He has stepped from the midst of
controversy and taken his place among the immortals, against whom no
man can speak.
For the moment, the conflict ceases,
friend and foe stand with bared heads to do homage to a great and
There is a sudden and loyal silence
throughout all the hosts. For no man has ever been more a part of every
man in the United States than Theodore Roosevelt.
His friends will rush no more quickly to speak his praise than
For he was a man's man, and it was a joy to
fight him, as well as to agree with him.
His spirit was a fierce and beautiful
His opinions were simple, and always
avowed with the wholeness and self-abandon of a true believer.
He would have made a wonderful knight in
the days of Charlemagne, a fair and worthy companion to Roland.
He conceived of life, of duty, and even
of love in terms of conflict. His make-up was militant. But his
conceptions were always sincere.
His chief characteristic was courage.
Whatever may have been charged against him in the extravagances of
dispute, his bitterest foe must confess that he was to the last a
And that quality of fearlessness,
that indomitable bravery, when lodged in this weak humanity, is always
a thing of beauty, a little spark of God. We love it. We respect it
just for itself. It is the great worthwhile thing in an immortal soul.
So he was a friend, conceived of as a
friend, in a passionate and personal way, as no other statesman of
American history, except Lincoln.
He was very near to the American heart.
And even in the stormy days of these vast issues that have swept beyond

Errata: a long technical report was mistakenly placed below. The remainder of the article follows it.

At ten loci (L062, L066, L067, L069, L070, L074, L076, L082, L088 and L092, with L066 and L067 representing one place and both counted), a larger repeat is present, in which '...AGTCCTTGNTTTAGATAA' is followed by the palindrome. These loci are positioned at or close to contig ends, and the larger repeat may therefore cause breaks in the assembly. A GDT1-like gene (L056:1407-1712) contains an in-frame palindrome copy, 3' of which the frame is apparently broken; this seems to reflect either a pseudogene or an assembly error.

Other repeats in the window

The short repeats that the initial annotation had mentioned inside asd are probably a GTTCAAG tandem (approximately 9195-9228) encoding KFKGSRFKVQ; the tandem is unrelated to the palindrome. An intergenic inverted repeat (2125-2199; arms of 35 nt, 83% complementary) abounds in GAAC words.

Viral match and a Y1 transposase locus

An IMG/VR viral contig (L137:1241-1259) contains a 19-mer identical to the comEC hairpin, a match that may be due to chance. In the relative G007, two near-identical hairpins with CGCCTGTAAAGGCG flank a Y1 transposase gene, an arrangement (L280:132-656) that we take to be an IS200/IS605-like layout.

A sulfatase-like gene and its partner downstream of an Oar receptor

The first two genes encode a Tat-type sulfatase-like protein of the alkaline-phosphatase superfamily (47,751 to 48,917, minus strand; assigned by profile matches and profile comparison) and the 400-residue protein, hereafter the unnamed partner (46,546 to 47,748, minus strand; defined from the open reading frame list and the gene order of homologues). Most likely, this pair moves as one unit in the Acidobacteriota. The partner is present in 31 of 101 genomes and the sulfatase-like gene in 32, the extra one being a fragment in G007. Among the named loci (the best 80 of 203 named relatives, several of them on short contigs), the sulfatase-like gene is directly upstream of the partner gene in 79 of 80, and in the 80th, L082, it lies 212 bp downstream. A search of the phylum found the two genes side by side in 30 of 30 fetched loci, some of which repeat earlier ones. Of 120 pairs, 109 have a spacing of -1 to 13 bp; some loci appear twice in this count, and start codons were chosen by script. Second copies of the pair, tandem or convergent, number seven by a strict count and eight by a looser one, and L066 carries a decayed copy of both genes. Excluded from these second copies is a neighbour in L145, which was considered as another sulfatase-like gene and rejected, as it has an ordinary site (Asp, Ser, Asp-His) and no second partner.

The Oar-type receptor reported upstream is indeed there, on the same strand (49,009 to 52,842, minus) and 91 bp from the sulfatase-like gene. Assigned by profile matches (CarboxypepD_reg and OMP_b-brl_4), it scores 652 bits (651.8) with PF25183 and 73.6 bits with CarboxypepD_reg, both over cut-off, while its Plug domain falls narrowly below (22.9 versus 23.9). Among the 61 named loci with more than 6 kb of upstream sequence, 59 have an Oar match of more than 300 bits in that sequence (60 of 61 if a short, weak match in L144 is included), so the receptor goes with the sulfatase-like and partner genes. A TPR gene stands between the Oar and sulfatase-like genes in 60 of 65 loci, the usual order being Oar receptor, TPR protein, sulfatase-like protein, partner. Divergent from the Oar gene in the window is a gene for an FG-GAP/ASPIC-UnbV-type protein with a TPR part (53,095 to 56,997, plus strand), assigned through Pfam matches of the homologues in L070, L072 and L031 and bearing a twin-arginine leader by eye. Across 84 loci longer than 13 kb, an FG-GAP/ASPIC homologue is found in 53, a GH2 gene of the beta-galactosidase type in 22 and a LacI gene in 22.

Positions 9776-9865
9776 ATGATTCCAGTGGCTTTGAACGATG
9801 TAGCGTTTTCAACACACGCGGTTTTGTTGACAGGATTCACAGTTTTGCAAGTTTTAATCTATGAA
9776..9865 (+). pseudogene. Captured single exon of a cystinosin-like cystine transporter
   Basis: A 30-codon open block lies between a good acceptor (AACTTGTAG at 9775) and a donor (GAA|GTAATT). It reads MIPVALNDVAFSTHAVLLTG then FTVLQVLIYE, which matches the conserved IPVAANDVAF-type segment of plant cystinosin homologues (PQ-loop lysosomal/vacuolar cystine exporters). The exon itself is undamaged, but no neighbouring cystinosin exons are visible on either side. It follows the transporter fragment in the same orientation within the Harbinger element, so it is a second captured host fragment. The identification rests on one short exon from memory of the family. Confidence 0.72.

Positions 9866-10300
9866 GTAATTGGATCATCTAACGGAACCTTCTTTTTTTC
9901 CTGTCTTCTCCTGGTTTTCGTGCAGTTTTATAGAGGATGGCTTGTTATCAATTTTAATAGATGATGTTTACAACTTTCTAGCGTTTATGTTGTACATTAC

him, the tribute of respect that this people pays to him will be honest
He had a public mind and gave himself to
the service of the people with a singleness of purpose that will be an
inspiration to American youth.
He was thoroughly human. He was frank,
overfrank sometimes, but we love the man whose heart outruns him.
Kings may pass and be followed to their
graves with "the boast of heraldry, the pomp of power." Presidents and
premiers may die and their statues be set up in halls of fame; but none
will go from the midst of the living and leave a sense of deeper
personal loss than this splendid man, this impetuous companion, who has
been snatched by death from the intimate affection of a great people.
The Bull Moose has made his last charge.
The Rough Rider has led his last assault.
Bwana Tumbo, the mighty hunter, is back from this perilous
expedition we call Life, and is gone home.
Friends and opponents, with equal earnestness, cry out, "God
rest his soul!"
Upon his tomb there can be inscribed an
epitaph, than which there can be no nobler, no prouder, no truer
"Here lies a real American."
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